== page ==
Latest F1 news in brief
- Court fines no surprise to McLaren team
- Dennis' view of Ferrari 'totally changed'
- F1 team survival 'not impossible' - Honda
- New Force India set for Sunday debut
- American drivers linked with new USF1 team
- Honda admit future F1 return possible
- Teams to agree 2009 engine rules tweak
Court fines no surprise to McLaren team
(GMM) Fines levied by an Italian court against McLaren engineers this week were no surprise to the Mercedes-powered team, a spokesman insists.
It emerged on Monday that, at the protracted end of the 2007 Ferrari 'spy saga', McLaren's Rod Taylor, Jonathan Neale and Paddy Lowe were ordered to pay 150,000 euros apiece by the Modena court, while sacked designer Mike Coughlan was fined 180,000.
"The proceedings in Italy were merely the officializing of what had been proposed long before, namely the 'nolo contendere' agreement," the team spokesman said from Woking.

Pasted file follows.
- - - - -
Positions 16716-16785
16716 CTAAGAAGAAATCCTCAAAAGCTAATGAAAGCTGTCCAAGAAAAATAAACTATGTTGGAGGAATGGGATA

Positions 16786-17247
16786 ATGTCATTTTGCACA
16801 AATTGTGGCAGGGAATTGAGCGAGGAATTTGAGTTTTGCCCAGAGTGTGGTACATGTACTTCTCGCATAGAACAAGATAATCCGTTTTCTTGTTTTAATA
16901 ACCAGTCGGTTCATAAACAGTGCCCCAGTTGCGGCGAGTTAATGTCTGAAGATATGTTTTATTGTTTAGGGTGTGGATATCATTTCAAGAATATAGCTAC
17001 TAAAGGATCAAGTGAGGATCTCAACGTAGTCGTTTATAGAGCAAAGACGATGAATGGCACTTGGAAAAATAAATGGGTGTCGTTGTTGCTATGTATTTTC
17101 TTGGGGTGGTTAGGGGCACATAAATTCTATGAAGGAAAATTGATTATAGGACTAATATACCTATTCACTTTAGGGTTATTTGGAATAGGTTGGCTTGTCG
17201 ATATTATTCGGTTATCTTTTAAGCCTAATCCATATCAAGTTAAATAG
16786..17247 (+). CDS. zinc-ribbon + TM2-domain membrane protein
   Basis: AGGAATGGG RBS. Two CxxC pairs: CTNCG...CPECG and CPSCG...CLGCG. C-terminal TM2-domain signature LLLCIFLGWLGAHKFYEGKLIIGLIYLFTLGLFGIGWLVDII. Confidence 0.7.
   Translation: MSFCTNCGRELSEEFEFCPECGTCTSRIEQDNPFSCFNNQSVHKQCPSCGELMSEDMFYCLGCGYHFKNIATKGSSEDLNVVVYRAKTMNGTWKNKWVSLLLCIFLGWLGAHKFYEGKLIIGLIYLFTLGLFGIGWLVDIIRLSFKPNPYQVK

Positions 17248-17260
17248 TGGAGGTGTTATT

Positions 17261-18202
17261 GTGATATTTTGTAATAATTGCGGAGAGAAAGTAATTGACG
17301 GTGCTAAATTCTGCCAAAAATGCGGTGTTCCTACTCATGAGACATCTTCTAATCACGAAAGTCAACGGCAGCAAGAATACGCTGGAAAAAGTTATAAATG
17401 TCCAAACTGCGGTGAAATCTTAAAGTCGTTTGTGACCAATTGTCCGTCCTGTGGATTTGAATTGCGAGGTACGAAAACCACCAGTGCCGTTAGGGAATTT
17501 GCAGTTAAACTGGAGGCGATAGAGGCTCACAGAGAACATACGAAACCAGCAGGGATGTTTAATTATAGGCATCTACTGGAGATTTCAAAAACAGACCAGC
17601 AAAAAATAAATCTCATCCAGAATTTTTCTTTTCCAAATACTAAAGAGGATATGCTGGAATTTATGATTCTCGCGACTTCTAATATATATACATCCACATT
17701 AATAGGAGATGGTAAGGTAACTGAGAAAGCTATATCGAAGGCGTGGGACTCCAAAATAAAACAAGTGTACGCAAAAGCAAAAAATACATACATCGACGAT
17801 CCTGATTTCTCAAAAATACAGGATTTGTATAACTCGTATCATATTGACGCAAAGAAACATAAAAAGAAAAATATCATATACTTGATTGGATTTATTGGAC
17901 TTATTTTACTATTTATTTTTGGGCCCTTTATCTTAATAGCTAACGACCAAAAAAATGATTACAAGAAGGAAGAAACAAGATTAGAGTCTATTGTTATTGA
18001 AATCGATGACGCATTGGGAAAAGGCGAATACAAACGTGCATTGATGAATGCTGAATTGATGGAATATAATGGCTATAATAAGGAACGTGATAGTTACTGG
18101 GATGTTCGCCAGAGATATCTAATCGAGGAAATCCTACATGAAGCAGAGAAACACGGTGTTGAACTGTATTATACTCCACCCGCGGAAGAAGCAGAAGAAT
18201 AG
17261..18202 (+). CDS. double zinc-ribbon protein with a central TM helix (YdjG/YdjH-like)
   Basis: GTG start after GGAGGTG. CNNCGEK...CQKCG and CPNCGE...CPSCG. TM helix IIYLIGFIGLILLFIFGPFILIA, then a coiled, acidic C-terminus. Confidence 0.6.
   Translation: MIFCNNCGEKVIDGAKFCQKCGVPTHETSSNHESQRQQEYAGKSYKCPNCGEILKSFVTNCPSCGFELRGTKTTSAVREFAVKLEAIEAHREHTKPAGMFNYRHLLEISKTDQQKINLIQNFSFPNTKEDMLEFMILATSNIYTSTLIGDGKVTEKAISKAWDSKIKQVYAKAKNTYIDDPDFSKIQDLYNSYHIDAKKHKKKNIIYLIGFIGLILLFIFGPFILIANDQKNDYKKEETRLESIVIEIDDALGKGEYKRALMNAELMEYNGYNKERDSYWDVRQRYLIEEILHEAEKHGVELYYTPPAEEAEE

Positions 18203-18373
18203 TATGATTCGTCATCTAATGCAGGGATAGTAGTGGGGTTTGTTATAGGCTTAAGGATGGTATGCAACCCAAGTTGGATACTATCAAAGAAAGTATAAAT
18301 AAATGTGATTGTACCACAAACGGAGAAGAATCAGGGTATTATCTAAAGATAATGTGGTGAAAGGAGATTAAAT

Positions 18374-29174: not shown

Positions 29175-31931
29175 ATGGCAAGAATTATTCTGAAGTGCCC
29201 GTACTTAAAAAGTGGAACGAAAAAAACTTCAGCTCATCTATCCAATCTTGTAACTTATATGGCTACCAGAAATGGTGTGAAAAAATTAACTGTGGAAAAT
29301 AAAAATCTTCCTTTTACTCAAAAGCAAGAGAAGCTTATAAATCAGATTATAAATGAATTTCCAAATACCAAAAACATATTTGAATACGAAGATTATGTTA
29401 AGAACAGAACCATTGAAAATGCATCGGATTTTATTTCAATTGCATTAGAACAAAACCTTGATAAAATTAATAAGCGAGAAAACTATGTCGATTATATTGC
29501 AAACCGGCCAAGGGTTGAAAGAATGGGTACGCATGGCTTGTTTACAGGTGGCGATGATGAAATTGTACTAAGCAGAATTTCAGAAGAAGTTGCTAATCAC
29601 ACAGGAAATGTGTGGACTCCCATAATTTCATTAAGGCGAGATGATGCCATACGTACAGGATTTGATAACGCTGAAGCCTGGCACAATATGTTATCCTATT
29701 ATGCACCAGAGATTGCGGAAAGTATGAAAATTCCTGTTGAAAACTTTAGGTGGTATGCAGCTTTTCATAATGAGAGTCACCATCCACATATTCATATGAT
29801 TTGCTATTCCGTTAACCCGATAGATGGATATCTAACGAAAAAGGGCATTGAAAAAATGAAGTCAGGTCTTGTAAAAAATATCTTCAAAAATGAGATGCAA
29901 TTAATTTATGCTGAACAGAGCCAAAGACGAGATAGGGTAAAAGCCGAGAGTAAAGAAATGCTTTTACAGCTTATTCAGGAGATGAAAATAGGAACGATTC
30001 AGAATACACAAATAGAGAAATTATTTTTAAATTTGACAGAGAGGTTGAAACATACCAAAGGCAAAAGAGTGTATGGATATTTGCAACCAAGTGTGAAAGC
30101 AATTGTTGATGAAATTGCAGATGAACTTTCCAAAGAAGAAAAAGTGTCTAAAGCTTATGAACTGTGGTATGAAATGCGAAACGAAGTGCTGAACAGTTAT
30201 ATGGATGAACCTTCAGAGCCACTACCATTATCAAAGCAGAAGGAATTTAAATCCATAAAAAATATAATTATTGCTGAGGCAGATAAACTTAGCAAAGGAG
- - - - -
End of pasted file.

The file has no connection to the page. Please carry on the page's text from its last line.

'Nolo contendere' means 'no contest', where a defendant neither admits nor disputes the charge but accepts the effect of a guilty plea.
The McLaren spokesman added: "A line has finally been drawn under this matter."
It is reported that McLaren will almost certainly pay the engineers' fines, with the possible exception of Coughlan.
Dennis' view of Ferrari 'totally changed'
|Ron Dennis lays down the axe|
(GMM) Ron Dennis admits that the rancor of McLaren's prior relationship with Ferrari has now completely changed.
"Today I have a totally different view of Ferrari than one year ago," the outgoing McLaren team principal said during an interview with Germany's Auto Motor und Sport.
Dating back to 2007, McLaren and Ferrari - recently the most competitive teams on the grid - were locked in a bitter quarrel over the transfer of sensitive information belonging to the Italian team.
"At that time our relationship was very difficult, but perhaps difficult times bring people together," Dennis continued.
"I now have an excellent relationship with Luca di Montezemolo. He is a key figure among the teams (FOTA alliance) to improve the sport," Dennis added.
F1 team survival 'not impossible' - Honda
(GMM) An official of the Honda Motor Co. has clarified that it is "not impossible" that its formula one team will survive to contest this season's world championship.
The carmaker's departing chief executive Takeo Fukui said in Tokyo on Monday that while there are offers on the table from potential buyers of the Brackley based outfit, "none of them are serious".